DONALD, et al. v. PAPADAKIS, et al.

Annotate this Case
Download PDF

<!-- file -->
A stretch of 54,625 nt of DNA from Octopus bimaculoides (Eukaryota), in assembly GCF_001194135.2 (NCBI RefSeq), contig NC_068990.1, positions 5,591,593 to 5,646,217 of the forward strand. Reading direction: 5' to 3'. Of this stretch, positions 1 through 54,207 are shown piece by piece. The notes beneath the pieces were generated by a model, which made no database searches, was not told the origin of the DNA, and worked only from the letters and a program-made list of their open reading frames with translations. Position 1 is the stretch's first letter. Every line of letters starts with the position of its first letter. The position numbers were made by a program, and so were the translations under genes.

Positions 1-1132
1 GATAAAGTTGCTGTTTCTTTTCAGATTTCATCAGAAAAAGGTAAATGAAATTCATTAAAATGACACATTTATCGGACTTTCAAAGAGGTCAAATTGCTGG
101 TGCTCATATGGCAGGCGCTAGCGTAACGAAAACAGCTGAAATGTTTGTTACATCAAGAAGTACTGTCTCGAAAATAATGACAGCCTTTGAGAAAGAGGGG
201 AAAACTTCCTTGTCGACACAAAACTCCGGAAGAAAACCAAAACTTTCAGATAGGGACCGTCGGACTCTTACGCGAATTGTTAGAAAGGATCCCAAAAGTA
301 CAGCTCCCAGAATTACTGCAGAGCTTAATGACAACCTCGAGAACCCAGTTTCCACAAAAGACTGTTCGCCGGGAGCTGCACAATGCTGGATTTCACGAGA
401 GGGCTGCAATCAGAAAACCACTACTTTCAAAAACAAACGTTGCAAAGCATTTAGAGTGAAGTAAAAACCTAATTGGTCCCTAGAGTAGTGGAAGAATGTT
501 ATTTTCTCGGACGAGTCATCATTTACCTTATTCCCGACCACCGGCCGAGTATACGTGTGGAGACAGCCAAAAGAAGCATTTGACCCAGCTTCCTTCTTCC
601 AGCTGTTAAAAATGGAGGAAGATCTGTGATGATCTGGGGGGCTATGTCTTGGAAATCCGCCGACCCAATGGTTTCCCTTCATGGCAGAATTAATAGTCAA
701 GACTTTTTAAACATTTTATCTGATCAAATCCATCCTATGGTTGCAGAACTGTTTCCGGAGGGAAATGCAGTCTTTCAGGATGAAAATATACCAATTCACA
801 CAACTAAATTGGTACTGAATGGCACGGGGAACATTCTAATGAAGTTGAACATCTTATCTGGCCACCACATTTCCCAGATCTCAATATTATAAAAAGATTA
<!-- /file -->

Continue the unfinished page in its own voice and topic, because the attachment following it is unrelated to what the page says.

NOTICE: NOT FOR OFFICIAL PUBLICATION. UNDER ARIZONA RULE OF THE SUPREME COURT 111(c), THIS DECISION IS NOT PRECEDENTIAL AND MAY BE CITED ONLY AS AUTHORIZED BY RULE. IN THE ARIZONA COURT OF APPEALS DIVISION ONE TIMOTHY DONALD, et al., Plaintiffs/Appellants, v. ALEC PAPADAKIS, et al., Defendants/Appellees. No. 1 CA-CV 17-0728 FILED 9-27-2018 Appeal from the Superior Court in Maricopa County No. CV2017-001526 The Honorable Lori Bustamante, Judge The Honorable Teresa A. Sanders, Judge AFFIRMED AS MODIFIED COUNSEL Stoops, Denious, Wilson & Murray, P.L.C., Phoenix By Frank L. Murray (argued), Stephanie M. Wilson, Thomas A. Stoops Counsel for Plaintiffs/Appellants Quarles & Brady LLP, Phoenix By Jeffrey H. Wolf, Rodney W. Ott (argued) Counsel for Defendants/Appellees DONALD, et al. v. PAPADAKIS, et al. Decision of the Court MEMORANDUM DECISION Judge Paul J. McMurdie delivered the decision of the Court, in which Presiding Judge Jennifer B. Campbell and Judge Kent E. Cattani joined. M c M U R D I E, Judge: ¶1 Timothy Donald and American Soccer Marketing, L.L.C.1 appeal the superior court’s order dismissing their complaint against United Soccer Leagues, LLC, its owner and CEO, Alex Papadakis, and its President, Tim Holt (collectively, “the League”). For the following reasons, we affirm all but the portion of the order dismissing the complaint “with prejudice.” FACTS AND PROCEDURAL BACKGROUND ¶2 In 2013, Donald entered into a franchise agreement (the “Franchise Agreement”) with the League, an organization operating a nationwide, private soccer league, to own and manage a Phoenix area soccer franchise. On February 24, 2014, after a dispute arose over Donald’s alleged failure to remedy defaults on certain requirements under the Franchise Agreement, the League terminated Donald’s franchise. ¶3 On February 13, 2017, Donald filed a complaint in the superior court in Arizona against the League and Kyle Eng, the new owner of the Phoenix soccer franchise. On the same day, Donald filed a nearly identical lawsuit with the American Arbitration Association’s Phoenix office (the “Arbitration Case”) against the League. The Arbitration Case was subsequently transferred, per the Franchise Agreement’s arbitration clause, to Tampa, Florida. The League moved to dismiss the court action, arguing that valid and enforceable forum-selection and arbitration clauses within the Franchise Agreement required Donald to submit any claim arising between them to an appropriate forum in Hillsborough County, Florida. ¶4 On June 6, 2017, the court granted the League’s motion to dismiss the action. The court found that dismissal was appropriate because Because Timothy Donald is the sole shareholder of American Soccer Marketing, L.L.C., we will refer to both collectively as “Donald.” 1 2 DONALD, et al. v. PAPADAKIS, et al. Decision of the Court the Franchise Agreement contained “clear and unambiguous” arbitration and forum-selection clauses. The court also found that because Donald failed to meet his burden of establishing either clause’s non-enforceability, both clauses were valid and enforceable, and “[Donald’s] case against [the League] [could not] be pursued in Arizona.” ¶5 Following the court’s order dismissing Donald’s complaint, the League moved for attorney’s fees and costs, requesting $54,796 for fees incurred, $2000 in estimated fees related to the preparation of the fee application, and $322.73 in taxable costs. Over objections to the application, the court granted the League’s motion and awarded $56,796 in fees and requested costs. On October 9, 2017, the court entered a final judgment under Arizona Rule of Civil Procedure (“Rule”) 54(b), dismissing Donald’s complaint against the League “with prejudice.” Donald timely appealed from that order. 2 DISCUSSION A. Dismissing Donald’s Action Against the League “With Prejudice” Was Inappropriate, But We Nonetheless Have Jurisdiction to Hear Donald’s Appeal. ¶6 At the outset, we hold the superior court’s dismissal of Donald’s claims against the League should have been made without prejudice. Rule 41(b) provides that “[u]nless the dismissal order states otherwise, a dismissal under this Rule 41(b) and any dismissal not under this rule—except one for lack of jurisdiction, improper venue, or failure to join a party under Rule 19—operates as an adjudication on the merits.” (Emphasis added). A dismissal based on valid and enforceable forum-selection and arbitration clauses effectively acknowledges that the court lacks jurisdiction to hear the action on the merits, and therefore dismissal without prejudice is more appropriate. “A dismissal of claims subject to arbitration should be entered without prejudice, to allow for During the pendency of this appeal, a final award in the Arbitration Case was issued, and both parties submitted requests for this court to take judicial notice, under Arizona Rule of Evidence 201, of the award and certain filings submitted during the case. Although we may take judicial notice “of any matter of which the trial court may take judicial notice,” State v. McGuire, 124 Ariz. 64, 66 (App. 1978), we decline to take judicial notice of the Arbitration Case materials because they were not presented to the superior court and are not relevant to the issues raised. 2 3 DONALD, et al. v. PAPADAKIS, et al. Decision of the Court further judicial determinations that may prove necessary.” Duenas v. Life Care Ctrs. of America, Inc., 236 Ariz. 130, 142, ¶ 40 (App. 2014). ¶7 Modifying the judgment in this manner raises the question of whether Donald’s appeal should be dismissed for lack of jurisdiction, as we “generally do not have appellate jurisdiction when a case is dismissed without prejudice.” Dunn v. FastMed Urgent Care PC, 245 Ariz. 35, 37, ¶ 9 (App. 2018). But as we recently reaffirmed in Dunn, “[d]ismissal pursuant to a forum-selection clause . . . is an appealable order under A.R.S. § 12-2101(A)(3).” Id.; see also Dusold v. Porta-John Corp., 167 Ariz. 358, 361 (App. 1990) (finding appellate jurisdiction under predecessor to § 12-2101(A)(3) to consider the dismissal and jurisdictional aspects of the trial court's order transferring arbitration to Michigan). ¶8 Accordingly, although the dismissal should have been made without prejudice, we nonetheless have jurisdiction to consider Donald’s appeal under Arizona Revised Statutes (“A.R.S.”) § 12-2101(A)(3). B. The Superior Court Properly Entered a Final Judgment under Rule 54(b) Regarding Donald’s Claims Against the League. ¶9 Donald argues the superior court erred by certifying its October 9, 2017 order as a final judgment pursuant to Rule 54(b) because “there was nothing about [the] case that was final” when the court dismissed Donald’s claims against the League. We disagree. ¶10 Although we typically review a court’s Rule 54(b) certification for an abuse of discretion, when “the issue is whether ‘the judgment in fact is not final, i.e., did not dispose of at least one separate claim of a multi-claim action,’ . . . we review the trial court's determination de novo.” Kim v. Mansoori, 214 Ariz. 457, 459, ¶ 6 (App. 2007) (quoting Davis v. Cessna Aircraft Corp., 168 Ariz. 301, 304 (App. 1991)). ¶11 Rule 54(b) provides an exception to the general rule that appellate court jurisdiction is “limited to final judgments which dispose of all claims and all parties.” Musa v. Adrian, 130 Ariz. 311, 312 (1981); see also A.R.S. § 12-2101(A) (setting forth the instances where an appeal may be taken to the court of appeals from the superior court). When an action concerns multiple claims for relief or multiple parties, Rule 54(b) permits the superior court to direct entry of a final judgment as to fewer than all the claims or parties, but “only if the court expressly determines there is no just reason for delay and recites that the judgment is entered under Rule 54(b).” Ariz. R. Civ. P. 54(b). “That an order or judgment contains Rule 54(b) language, however, does not make it final and appealable; the certification 4 DONALD, et al. v. PAPADAKIS, et al. Decision of the Court also must be substantively warranted.” Sw. Gas Corp. v. Irwin ex rel County of Cochise, 229 Ariz. 198, 202, ¶ 12 (App. 2012). “A final judgment . . . decides and disposes of the cause on its merits, leaving no question open for judicial determination.” Ruesga v. Kindred Nursing Ctrs., L.L.C., 215 Ariz. 589, 593, ¶ 10 (App. 2007) (omission in original) (quoting Props. Inv. Enters., Ltd. v. Found. for Airborne Relief, Inc., 115 Ariz. 52, 54 (App. 1977)). ¶12 The superior court properly certified its dismissal under Rule 54(b). After finding the arbitration and forum-selection clauses within the Franchise Agreement valid and enforceable, 3 the court correctly held that Donald’s claims against the League and its officers could not be pursued in Arizona. See Bennett v. Appaloosa Horse Club, 201 Ariz. 372, 377–78, ¶ 25 (App. 2001) (affirming the superior court’s dismissal based on an enforceable forum-selection clause). The court’s order dismissing Donald’s action against the League, based on the arbitration and forum-selection clauses, disposed of all claims against the League and its officers, and Rule 54(b) certification following that order was proper. See Ariz. R. Civ. P. 54(b) (“[I]f multiple parties are involved, the court may direct entry of a final judgment as to one or more, but fewer than all, claims or parties.”). ¶13 None of the arguments Donald raises challenging the judgment’s finality are availing. Donald first argues that the dismissal was not a final judgment because it was entered before the Arbitration Case ended and while proceedings against Eng continue. The Arbitration Case and the proceedings in the superior court are entirely separate actions, brought by separate complaints within separate tribunals. That Donald filed identical complaints on the same calendar day or may ultimately seek enforcement of any arbitration award in Arizona is irrelevant. And we are unaware of any law authorizing this court to treat the Arbitration Case and the superior court action as one and the same. ¶14 As for Donald’s action against Eng, Rule 54(b) was specifically designed to address a situation where entering final judgment is proper for some parties, but proceedings must continue for others. “It is logical, if not axiomatic, that [Rule 54(b)] thereby permits the portion of the case that is Because Donald did not argue in the superior court that forum-selection or arbitration clauses were unenforceable, we will consider their enforceability. See Sparks v. Republic Nat'l Life Ins. Co., Ariz. 529, 538–39 (1982) (matters not raised in the superior court properly not considered on appeal). 3 5 the not 132 are DONALD, et al. v. PAPADAKIS, et al. Decision of the Court not part of the appeal to proceed in the trial court while the appeal moves forward.” Sw. Gas Corp., 229 Ariz. at 202, ¶ 10. ¶15 Donald also contends the superior court erred because it entered a final judgment under Rule 54(b) only on the pleadings, before the court heard any evidence or witness testimony. Donald does not explain, however, why the court needed to hear evidence or witness testimony to conclude that the forum-selection and arbitration clauses within the Franchise Agreement necessitated dismissal. And dismissal on the pleadings is typical in cases where a forum-selection or arbitration clause binds the parties to bring an action elsewhere. See, e.g., Dunn, 245 Ariz. at 40–41, ¶¶ 22–25 (affirming dismissal based on an enforceable forum-selection clause at the pleadings stage); Bennett, 201 Ariz. at 375, ¶ 25 (same). ¶16 Accordingly, the superior court did not err by entering a final judgment under Rule 54(b) before the Arbitration Case and Donald’s action against Eng had ended, or by dismissing all claims against the League and its officers on the pleadings alone. C. The Superior Court Did Not Abuse its Discretion by Finding There Was “No Just Reason for Delay” under Rule 54(b). ¶17 Donald next argues the superior court erred by incorrectly finding that there was “no just reason for delay” before certifying its judgment pursuant to Rule 54(b). We review a court’s decision to certify a judgment under Rule 54(b) for an abuse of discretion. Sw. Gas Corp., 229 Ariz. at 201, ¶ 7. ¶18 To properly certify a judgment under Rule 54(b), a court must “expressly determine[] there is no just reason for delay.” Ariz. R. Civ. P. 54(b). The phrase “no just reason for delay” means that “some hardship or injustice would result from a delay in entering a final judgment.” S. Cal. Edison Co. v. Peabody W. Coal Co., 194 Ariz. 47, 53, ¶ 19 (1999). By requiring this assessment, Rule 54(b) represents “a compromise between the rule against deciding appeals in a piecemeal fashion and the desirability of having a final judgment in some situations with multiple claims or parties.” Davis, 168 Ariz. at 304. ¶19 Rule 54(b) certification was proper here. While the court’s decision to certify the judgment under the rule means the case must now proceed piecemeal, enforcement of parties’ rights “requires piecemeal resolution when necessary to give effect to an arbitration agreement.” Moses H. Cone Mem’l Hosp. v. Mercury Constr. Corp., 460 U.S. 1, 20 (1983) (emphasis 6 DONALD, et al. v. PAPADAKIS, et al. Decision of the Court omitted); Forest City Dillon, Inc. v. Superior Court, 138 Ariz. 410, 412 (App. 1984). Moreover, both parties likely would have suffered hardship if the appeal was delayed until the litigation’s end. The League would have been forced to wait to ensure that its rights under the Franchise Agreement were enforced, and Donald would have been delayed from filing an action in the appropriate forum. ¶20 Because piecemeal litigation is required in this case, and hardship would have resulted from a delay in entering a final judgment, the superior court did not abuse its discretion by certifying the judgment under Rule 54(b). D. The Superior Court Properly Awarded Attorney’s Fees to the League. ¶21 Donald argues the superior court erred with respect to its award of attorney’s fees to the League in two ways. Donald first claims the superior court abused its discretion by awarding excessive and improper fees to the League. Donald also contends the superior court did not have the authority—under either the Franchise agreement or A.R.S. § 12-341.01—to grant the League’s requested attorney’s fees. We review the court’s authority to grant or deny attorney’s fees de novo, but we review a determination regarding the amount of fees awarded for an abuse of discretion. Thompson v. Corry, 231 Ariz. 161, 163, ¶ 4 (App. 2012). 1. The Superior Court Properly Awarded the League Attorney’s Fees Pursuant to the Franchise Agreement. ¶22 Donald maintains the superior court erred by awarding the League attorney’s fees because neither the Franchise Agreement nor A.R.S. § 12-341.01(A) entitled the League to fees. We will affirm the award of attorney’s fees “if it was appropriate under any of the authorities relied upon by the proponent.” Bennett Blum, M.D., Inc. v. Cowan, 235 Ariz. 204, 206, ¶ 5 (App. 2014). ¶23 The Franchise Agreement contains the following provision for Attorney’s fees: Cost of Enforcement. Franchisor shall be entitled to recover from Franchisee all reasonable attorney’s fees, plus court costs and other expenses, incurred by franchisor in enforcing the covenants, terms and conditions of this Agreement against Franchisee, including 7 DONALD, et al. v. PAPADAKIS, et al. Decision of the Court without limitation (a) the collection of any fees required to be paid by Franchisee under this agreement, (b) the enforcement of post-termination covenants and (c) the protection of the USL Marks. In Arizona, it is well-settled that “[c]ontracts for payment of attorneys’ fees are enforced in accordance with the terms of the contract.” McDowell Mountain Ranch Cmty. Ass’n v. Simons, 216 Ariz. 266, 269, ¶ 14 (App. 2007) (alteration in original) (quoting Heritage Heights Home Owners Ass’n v. Esser, 115 Ariz. 330, 333 (App. 1977)). If a contract provides for attorney’s fees, “the court lacks discretion to refuse to award fees under [that] contractual provision.” Id. (quoting Chase Bank v. Acosta, 179 Ariz. 563, 575 (App. 1994)). ¶24 Here, the League’s efforts to enforce the forum-selection and arbitration clauses fall under the Franchise Agreement’s broad fee provision. The fee provision provides the League is entitled to recover “all attorney’s fees, plus court costs and other expenses” incurred “in enforcing the covenants, terms and conditions of this Agreement.” (Emphasis added). The “terms and conditions” of the Franchise Agreement necessarily include the forum-selection and arbitration clauses, which were at issue in the superior court proceedings. ¶25 Donald’s arguments against the applicability of the fee provision are unpersuasive. Donald claims the fee provision merely furnishes “affirmative powers” to the League, and contains no clause authorizing recovery for “the defense of any claim.” But no Arizona law holds a party may not seek to enforce contractual provisions as a defense to an action, and the text of the fee provision specifies the list of causes for recovery are provided “without limitation.” ¶26 The Franchise Agreement also contains a choice-of-law provision purporting to require application of Florida law to all disputes arising out of the terms and conditions of the Agreement. Because Donald has never developed an argument concerning the effect of that provision on the superior court’s award of attorney’s fees, we decline to consider the matter. See State Farm Mut. Auto. Ins. Co. v. Novak, 167 Ariz. 363, 370 (App. 1990). Moreover, under either Florida or Arizona law, our analysis and determination of the attorney’s fees issues raised in this case would remain the same. Compare Schweiger v. China Doll Rest., Inc., 138 Ariz. 183, 187 (App. 1983) (identifying factors to be considered in determining a reasonable fee award), and Bennett, 201 Ariz. at 378, ¶ 26 (“The awarding of attorneys’ fees to a prevailing party pursuant to a contract between the parties is 8 DONALD, et al. v. PAPADAKIS, et al. Decision of the Court mandatory.”), with Fla. Patient’s Comp. Fund v. Rowe, 472 So. 2d 1145, 1150 (Fla. 1985) (identifying nearly identical reasonable fee award factors as China Doll), and Holiday Square Owners Ass’n v. Tsetsenis, 820 So. 2d 450, 453 (Fla. Dist. Ct. App. 2002) (an award under a contract clause for prevailing party attorney’s fees is mandatory). ¶27 The terms or provisions of a lawful contract, “where clear and unambiguous, are conclusive.” Goodman v. Newzona Inv. Co., 101 Ariz. 470, 472 (1966). We conclude the clear and unambiguous terms of the Franchise Agreement’s fee provision apply here. The court had both the authority and the obligation to award the League its attorney’s fees. 2. The Superior Court Did Not Abuse its Discretion by Awarding the League’s Requested Attorney’s Fees. ¶28 Donald also claims that the fees awarded to the League by the court were excessive and improper. We review the amount of an award of attorney’s fees for an abuse of discretion. RS Indus., Inc. v. Candrian, 240 Ariz. 132, 138, ¶ 21 (App. 2016). An award of attorney’s fees is within the sound discretion of the superior court, and we will not disturb the award “if there is any reasonable basis for it.” Orfaly v. Tucson Symphony Soc’y, 209 Ariz. 260, 265, ¶ 18 (App. 2004) (quoting Hale v. Amphitheater Sch. Dist. No. 10, 192 Ariz. 111, 117, ¶ 20 (App. 1998)). ¶29 Citing Schweiger v. China Doll, Donald argues: (1) the court erred by awarding $2000 in fees based on an estimate of the cost of preparing the League’s fee application; (2) the hourly billing rate charged by one of the League’s attorneys was too high; (3) the fee application contained improper block-billing entries; (4) some of the tasks billed were “secretarial” in nature and thus were not awardable; and (5) the fee application contained duplicative entries and was generally excessive. Donald’s arguments do not persuade us to overturn or modify the fee award, and we decline to substitute our judgment for that of the superior court by engaging in an item-by-item review of each objection. Solimeno v. Yonan, 224 Ariz. 74, 82, ¶ 38 (App. 2010). To comply with China Doll, a fee application “must contain sufficient detail so as to enable the court to assess the reasonableness of the time incurred.” Orfaly, 209 Ariz. at 266, ¶ 23. Within the fee application, “counsel should indicate the type of legal services provided, the date the service was provided, the attorney providing the service, . . . and the time spent in providing the service.” China Doll, 138 Ariz. at 188. Regarding billing rates, “the rate charged by the lawyer to the client is the best indication of what is reasonable under the 9 DONALD, et al. v. PAPADAKIS, et al. Decision of the Court circumstances of the particular case.” Id. at 187–88. The League’s fee application and accompanying affidavits met these requirements; they included a breakdown of the hours and tasks claimed by each attorney and explanations both for the billing rate charged by each attorney and any additions to the final calculated fee amount. See id. at 188 (fee applications may include fees incurred by “[p]reparing post-decision motions”). On this record we cannot say that the superior court lacked any reasonable basis for awarding the League the full amount of its requested attorney’s fees. “And, because a reasonable basis exists for the award, we may not substitute our discretion for that of the trial court.” Orfaly, 209 Ariz. at 266, ¶ 21. ATTORNEY’S FEES AND COSTS ON APPEAL ¶30 Both parties request an award of attorney’s fees and costs pursuant to the Franchise Agreement and A.R.S. § 12-341.01(A). As both parties prevailed on some aspect of the appeal, we exercise our discretion and decline to award attorney’s fees or costs. See Vortex Corp v. Denkewicz, 235 Ariz. 551, 562, ¶¶ 40–41 (App. 2014). CONCLUSION ¶31 For the reasons discussed above, we affirm the dismissal of Donald’s claims against the League, but modify the judgment to be without prejudice. AMY M. WOOD • Clerk of the Court FILED: AA 10